I guess it depends which retail channel is better for browsing, bookstores or online sellers. I may be old-school, but I would much sooner browse through a bookstore, because I can look at all the books that might interest me – not just at the ones that an algorithm thinks I would like – and read the parts that I think will help me decide whether to buy – not just the parts that have been chosen by someone else for online posting.
The analogy between browsing in bookstores and browsing in music stores isn’t quite apt. Listening to music in music stores is rarely available to the same extent as one can browse through any books on the shelves in a store, whereas online books can usually be browsed only under restrictive conditions (not more than 20% of the content) that limit what one can see while much music can be sampled online much more freely, including the entirety of many songs (with many available through YouTube videos as well). I have discovered much more older music I like online than i ever did in visiting music stores, whereas the reverse is true for books.
And I’ve discovered a lot of music I never would have heard otherwise from hearing it on the PA system in record stores.
I’ve discovered a lot of music I never would have heard otherwise from hearing it on the PA system in the gym. I’ve also discovered some great books watching people on planes. It’s one of the elements of the physical world (acoustical and otherwise) that it is naturally shared, leading to discovery.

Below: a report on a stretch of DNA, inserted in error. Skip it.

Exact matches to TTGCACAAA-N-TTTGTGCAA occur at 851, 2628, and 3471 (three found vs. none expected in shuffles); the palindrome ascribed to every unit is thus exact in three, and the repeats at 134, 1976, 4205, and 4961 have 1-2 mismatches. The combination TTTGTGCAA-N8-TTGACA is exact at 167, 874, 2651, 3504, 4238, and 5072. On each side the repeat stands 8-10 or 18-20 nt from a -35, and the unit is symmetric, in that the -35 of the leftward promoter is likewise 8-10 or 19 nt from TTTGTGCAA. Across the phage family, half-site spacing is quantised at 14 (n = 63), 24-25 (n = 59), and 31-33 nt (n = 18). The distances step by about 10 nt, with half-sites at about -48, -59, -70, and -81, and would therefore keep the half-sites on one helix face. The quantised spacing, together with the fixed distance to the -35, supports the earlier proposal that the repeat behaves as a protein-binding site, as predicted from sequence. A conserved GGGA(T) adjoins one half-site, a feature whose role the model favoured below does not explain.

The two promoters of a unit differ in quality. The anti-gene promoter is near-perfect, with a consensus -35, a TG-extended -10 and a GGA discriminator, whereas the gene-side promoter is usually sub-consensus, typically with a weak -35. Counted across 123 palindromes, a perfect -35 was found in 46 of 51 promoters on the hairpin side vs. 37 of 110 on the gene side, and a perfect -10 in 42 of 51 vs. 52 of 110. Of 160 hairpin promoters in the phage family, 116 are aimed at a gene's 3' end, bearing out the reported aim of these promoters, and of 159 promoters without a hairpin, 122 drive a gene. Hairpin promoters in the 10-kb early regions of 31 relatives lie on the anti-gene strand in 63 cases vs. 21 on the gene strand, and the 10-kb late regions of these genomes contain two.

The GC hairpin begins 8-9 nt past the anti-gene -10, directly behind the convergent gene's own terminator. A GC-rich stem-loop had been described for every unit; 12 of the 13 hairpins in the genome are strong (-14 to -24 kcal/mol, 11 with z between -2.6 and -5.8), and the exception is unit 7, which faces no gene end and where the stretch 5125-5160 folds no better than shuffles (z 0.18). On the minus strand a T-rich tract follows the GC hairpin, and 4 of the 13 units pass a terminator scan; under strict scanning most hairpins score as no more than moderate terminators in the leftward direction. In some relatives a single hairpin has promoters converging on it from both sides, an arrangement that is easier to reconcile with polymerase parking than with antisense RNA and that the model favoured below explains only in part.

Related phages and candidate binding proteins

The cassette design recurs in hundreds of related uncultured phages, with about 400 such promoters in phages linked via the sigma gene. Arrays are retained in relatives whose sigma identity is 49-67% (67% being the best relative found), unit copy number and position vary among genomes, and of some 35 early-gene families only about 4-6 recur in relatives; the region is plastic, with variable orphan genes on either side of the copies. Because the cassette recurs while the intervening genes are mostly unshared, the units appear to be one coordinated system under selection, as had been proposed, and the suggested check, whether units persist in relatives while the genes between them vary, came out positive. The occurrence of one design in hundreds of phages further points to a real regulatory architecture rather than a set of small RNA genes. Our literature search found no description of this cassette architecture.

Really interesting article. Bookstores really are a means of curating a collection and I honestly had never thought of it that way, even as I consider getting a MLIS. I live in a small town and we don’t have great bookstores, so most of my personal purchases come on amazon or simply by borrowing at the library – print and ebook. I have a “to read” list on goodreads that is over 170 books long and always growing. However, we still utilize the local bookstore for childrens books, especially as gifts. I could wander bookstores for hours and am incredibly distressed at the notion that they might go away. For that reason, I also try to support local bookstores when I can – at home when buying kids books and on vacations if I find something interesting. Big book stores get told what to put out for marketing purposes, so the best section is always staff recommendations. The publishing world in general is going through many changes. It is hard to figure out how to best meet the needs and wants of the public while still managing to make a profit.
I’M pleased that WP Freshly Pressed this article. Long comment thread is indicative of contentious topic. I agree with Owl Canyon Books that technology and tradition are not mutually exclusive. But, the concern is that traditional paper books will disappear. Will it be enough to only have books available through some technological device? At this point, I do not even use a Kindle because I read too fast and still find the constant refresh rate annoying. Because I am a bibliophile, many people have lent me theirs to convince me. I remain unconvinced while appreciating their value to others.
There is indeed a sense of discovery to be felt within a brick and mortar bookstore, walking shelf after shelf of books. I do not yet experience that on-line. Yes, a library is still a place to discover books this way, but it won’t be if book publishers are financially unable to maintain that printed alternative. As the blogger suggests, the real question is where you will find things you want to read.